From Soggy Shoes to Success Story

Karen Lofgren uses one word to describe the inaugural Weber State University Storytelling Festival, held Sept. 13 and 14, 1996: “Disaster.”

The idea to hold the event outside at the Ogden campus, so festivalgoers could enjoy autumn as they listened to storytellers’ captivating tales, didn’t go quite as planned. “The night before, a water main broke on the lower campus, and that’s where all the tents were,” said Lofgren, chair of the first festival. “We went over the next morning, and everything was flooded.”

Most of the water was able to be removed, but the grass stayed soggy.

In addition, not many attended since they didn’t know what to expect, Lofgren said. She says it seems like about 150 guests came, a small crowd compared to thousands today.

Wet shoes and low attendance aside, Lofgren says WSU President Paul H. Thompson saw a future in the festival and didn’t want it to die after one year. The next year, the festival’s steering committee moved it indoors to Peery’s Egyptian Theater. The festival now holds events in Davis County and conducts outreach to local schools as well.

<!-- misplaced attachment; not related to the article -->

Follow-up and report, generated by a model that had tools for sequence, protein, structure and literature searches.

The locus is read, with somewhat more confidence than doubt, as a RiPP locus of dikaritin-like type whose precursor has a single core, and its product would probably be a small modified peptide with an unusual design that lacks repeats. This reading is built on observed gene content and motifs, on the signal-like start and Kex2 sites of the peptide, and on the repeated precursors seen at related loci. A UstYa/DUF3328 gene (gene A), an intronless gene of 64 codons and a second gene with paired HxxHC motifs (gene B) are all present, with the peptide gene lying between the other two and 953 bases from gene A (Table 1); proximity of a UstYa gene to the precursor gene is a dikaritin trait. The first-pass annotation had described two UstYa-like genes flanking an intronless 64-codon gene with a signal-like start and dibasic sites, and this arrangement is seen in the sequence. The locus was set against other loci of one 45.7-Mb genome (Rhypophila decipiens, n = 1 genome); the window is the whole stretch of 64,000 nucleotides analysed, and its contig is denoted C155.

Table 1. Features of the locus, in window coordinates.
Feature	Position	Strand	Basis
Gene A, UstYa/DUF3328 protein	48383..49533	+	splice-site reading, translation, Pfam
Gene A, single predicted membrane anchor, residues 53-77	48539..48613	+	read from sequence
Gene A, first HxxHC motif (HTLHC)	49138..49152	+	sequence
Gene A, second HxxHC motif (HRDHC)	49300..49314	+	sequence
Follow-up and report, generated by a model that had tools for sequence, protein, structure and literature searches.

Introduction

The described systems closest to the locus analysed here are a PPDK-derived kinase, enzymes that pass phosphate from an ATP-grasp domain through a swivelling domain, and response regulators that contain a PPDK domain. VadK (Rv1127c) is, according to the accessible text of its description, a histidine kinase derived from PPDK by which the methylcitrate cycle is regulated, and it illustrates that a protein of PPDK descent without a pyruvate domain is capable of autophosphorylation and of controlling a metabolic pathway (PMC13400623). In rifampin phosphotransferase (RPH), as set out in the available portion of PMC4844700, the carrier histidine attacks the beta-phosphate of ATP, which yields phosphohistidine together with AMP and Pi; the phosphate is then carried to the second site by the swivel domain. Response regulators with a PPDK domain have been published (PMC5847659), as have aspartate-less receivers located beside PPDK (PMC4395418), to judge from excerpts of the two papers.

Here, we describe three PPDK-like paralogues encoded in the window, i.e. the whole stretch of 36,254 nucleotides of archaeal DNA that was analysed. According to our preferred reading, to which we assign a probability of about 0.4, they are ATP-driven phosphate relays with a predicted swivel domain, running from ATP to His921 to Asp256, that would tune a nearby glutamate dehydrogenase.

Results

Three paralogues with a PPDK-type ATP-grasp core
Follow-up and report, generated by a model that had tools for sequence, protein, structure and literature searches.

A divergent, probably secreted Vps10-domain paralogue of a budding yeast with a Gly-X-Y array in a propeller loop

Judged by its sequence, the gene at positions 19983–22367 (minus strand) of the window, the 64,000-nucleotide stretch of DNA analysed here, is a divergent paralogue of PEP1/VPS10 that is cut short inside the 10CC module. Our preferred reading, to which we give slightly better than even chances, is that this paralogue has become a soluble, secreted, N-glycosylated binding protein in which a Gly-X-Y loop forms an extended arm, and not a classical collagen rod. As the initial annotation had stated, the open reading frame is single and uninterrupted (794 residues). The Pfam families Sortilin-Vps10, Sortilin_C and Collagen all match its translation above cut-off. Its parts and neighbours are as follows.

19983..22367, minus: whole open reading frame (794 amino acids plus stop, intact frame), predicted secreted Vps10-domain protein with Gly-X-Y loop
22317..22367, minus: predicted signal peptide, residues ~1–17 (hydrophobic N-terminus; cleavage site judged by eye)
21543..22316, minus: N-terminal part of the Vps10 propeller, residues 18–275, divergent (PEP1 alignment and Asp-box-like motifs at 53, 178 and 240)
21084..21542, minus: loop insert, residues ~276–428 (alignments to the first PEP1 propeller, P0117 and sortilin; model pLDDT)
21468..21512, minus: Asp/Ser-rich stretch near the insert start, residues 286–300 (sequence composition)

The festival has received the Oracle Award from the National Storytelling Network in 2001, a community service award from Utah Association for Gifted Children in 2003 and the Distinguished Project Award from the Utah Association of Teacher Educators in 2010.

Lofgren says the festival’s steering committee, a diverse group of volunteers who help plan and run the festival, has been its key to success. “The success you see today is because of that original storytelling committee that had the vision,” she said.

Ann Ellis, retired WSU teacher education professor, former festival chair for eight years and steering committee member since the beginning, says another reason the festival has lasted 25 years is its focus on children. “From the very beginning, we worked out a way for children to be active storytellers on stage during the festival,” Ellis said. “It’s turned our festival into an internationally recognized event, particularly because of the children who tell the stories.”

Ellis says the festival also has a unifying power for all ages.

“We wanted it to be a broad community event, and we wanted to reflect the culture of the community,” she said. To help accomplish that goal, storytellers representing a broad range of backgrounds, including bilingual storytellers, are brought in every year.

“That’s one way we’ve been able to help people feel more unified,” she said. “Right now, in our country, I think we need a little more of that.”

Get Involved in Storytelling

Storytellers Motoko and Lynn Wing shared amazing stories with Wildcat that have been transcribed for you!

Have a fond memory from a past Storytelling Festival? Tell us about it at

This year’s festival runs Feb. 22 to March 18, 2021. Find out more at

Festival organizers hope to host the 2022 event in person, and they already need volunteers. To sign up, contact David Byrd at